Rainbow cookies are a staple at Jewish bakeries. The question is, why, since they are an Italian confection, representing the colors of the Italian flag (where the yellow portion represents the white in the flag). Author Stanley Ginsberg speculates it's because of the close proximity of Jewish and Italian immigrants, virtually from the beginnings of their American experience.
"They shared steerage on the voyage to America and lived in the same neighborhoods. Their children went to the same public schools, and their respective bakeries were rarely more than a block or two away. How could the food cultures not have cross-fertilized?" Ginsberg says.
This recipe takes a little time to prepare because the "cookies," which are more like a sponge cake, consist of three layers sandwiched together with jam and topped with chocolate icing. The layers must set up in the refrigerator for 24 hours before icing, so plan accordingly. The extra labor is worth it, especially if you want to dazzle the kids or any guests for that matter.
- Cookie Batter:
- 1 cup/200g room-temperature almond paste
- 5 large eggs (beaten)
- 1/2 cup/115g shortening (vegetable)
- 1/2 cup/115g butter (unsalted, room temperature)
- 1 teaspoon/8g salt
- 1 3/4 cup flour (cake, unsifted)
- 2 tablespoons/225g (cake, unsifted)
- 1 3/4 teaspoons/8g vanilla extract
- Garnish: 15 to 20 drops red food coloring
- Garnish: 15 to 20 yellow food coloring
- Garnish: 15 to 20 drops green food coloring
- 1/4 cup/80g jam (apricot or raspberry, melted)
- Chocolate Icing:
- 1/4 cup/57g water
- 1/2 teaspoon/4g corn syrup (light or honey)
- 2 1/4 cups/284g sugar (confectioners')
- 1/2 teaspoon/2g vanilla extract
- 2 tablespoons/14.75g cocoa powder (unsweetened)
How to Make the Cookie Batter
Place rack in the middle of the oven and heat to 400 F / 204 C. In a large bowl or stand mixer, mash the almond paste using a fork. Using the whisk attachment at medium speed (6 n a KitchenAid), bend the almond paste and 1/4 of the beaten eggs until smooth and lump-free, 3 to 4 minutes.
Add the shortening, butter, salt and remaining eggs, and beat until soft and light in color, 7 to 8 minutes.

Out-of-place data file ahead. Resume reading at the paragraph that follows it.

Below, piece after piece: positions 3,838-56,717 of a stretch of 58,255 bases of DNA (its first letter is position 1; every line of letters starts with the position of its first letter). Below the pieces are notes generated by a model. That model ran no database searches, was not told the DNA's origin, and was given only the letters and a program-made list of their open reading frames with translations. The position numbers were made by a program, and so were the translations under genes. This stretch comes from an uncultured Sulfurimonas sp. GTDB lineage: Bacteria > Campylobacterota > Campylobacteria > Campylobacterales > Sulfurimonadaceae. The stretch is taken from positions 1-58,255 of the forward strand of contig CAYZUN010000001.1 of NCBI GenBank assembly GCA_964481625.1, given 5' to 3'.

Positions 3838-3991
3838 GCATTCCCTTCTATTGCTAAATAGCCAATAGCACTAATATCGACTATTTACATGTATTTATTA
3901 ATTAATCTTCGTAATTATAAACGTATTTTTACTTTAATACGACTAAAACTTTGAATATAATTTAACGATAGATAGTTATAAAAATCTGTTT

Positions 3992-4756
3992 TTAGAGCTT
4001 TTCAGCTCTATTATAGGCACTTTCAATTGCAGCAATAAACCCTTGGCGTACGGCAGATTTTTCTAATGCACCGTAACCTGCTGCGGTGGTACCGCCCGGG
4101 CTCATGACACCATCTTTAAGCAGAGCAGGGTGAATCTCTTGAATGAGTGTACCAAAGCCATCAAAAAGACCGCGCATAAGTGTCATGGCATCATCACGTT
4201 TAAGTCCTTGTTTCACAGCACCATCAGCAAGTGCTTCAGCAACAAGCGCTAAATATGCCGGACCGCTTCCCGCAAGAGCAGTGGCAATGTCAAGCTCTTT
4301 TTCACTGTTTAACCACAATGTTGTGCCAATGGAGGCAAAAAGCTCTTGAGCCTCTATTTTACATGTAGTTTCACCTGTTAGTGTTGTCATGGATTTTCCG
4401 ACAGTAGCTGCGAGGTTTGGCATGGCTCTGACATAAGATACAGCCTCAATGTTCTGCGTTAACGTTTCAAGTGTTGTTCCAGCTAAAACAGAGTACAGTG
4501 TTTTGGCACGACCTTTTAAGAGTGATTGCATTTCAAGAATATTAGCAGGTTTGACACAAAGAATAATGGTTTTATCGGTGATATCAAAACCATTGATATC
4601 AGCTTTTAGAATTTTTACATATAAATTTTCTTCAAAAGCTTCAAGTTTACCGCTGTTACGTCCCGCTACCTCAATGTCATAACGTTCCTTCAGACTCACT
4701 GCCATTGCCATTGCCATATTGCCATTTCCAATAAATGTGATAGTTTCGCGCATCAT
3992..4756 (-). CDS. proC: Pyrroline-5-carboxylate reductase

Add the flour 1/2 cup at a time, followed by the vanilla. Continue creaming until the batter is evenly mixed, with a very light texture. Divide the batter into 3 equal portions of about 10 ounces/284g each, and put each into a separate bowl. Add a different food coloring to each and whisk until thoroughly blended.
Pour the contents of each bowl into three separate well-greased 8x8-inch/20x20cm square cake pans and bake until a tester comes out dry, 10 to 12 minutes. Remove to a rack and let cool thoroughly. (If necessary, you can bake the batters in several stages by simply removing the cake from the pan after 15 minutes, rinsing and drying the pan, regreasing and baking the next color.)
Melt the jam in the top of a double boiler or on very low heat to avoid burning. Brush as thin as layer of jam as possible on top of the green layer and immediately put the yellow layer on top. Repeeat for the red layer, so that you end up with a multicolored block, with the jam as the glue. Wrap the block in plastic and return into one of the clean and dry baking pans. Place a second pan on top of the layers, add a 2 to 3-pound/1.5 to 2kg weight and refrigerate for 24 hours.
How to Make the Chocolate Icing
In a small saucepan, heat the water and corn syrup to boiling, then stir in the confectioners' sugar, cocoa powder and fanilla until well bolended and lump-free. Remove from heat and let cool. The icing will be at optimal spreading temperature when it feels neigher hot nor cool on your lips.
Remove the cookie block from the refrigerator and cut into 4 (8x2x2-inch/20x5x5cm) bricks. Using a metal spatula, apply a thin coating of icing to the top and long sides of each brick in a single, smooth stroke, if possible. Let cool unil the icing has almost hardened and use a sharp knife to cut the bricks crosswise into 1/2-inch/1.25cm slices. These freeze very well.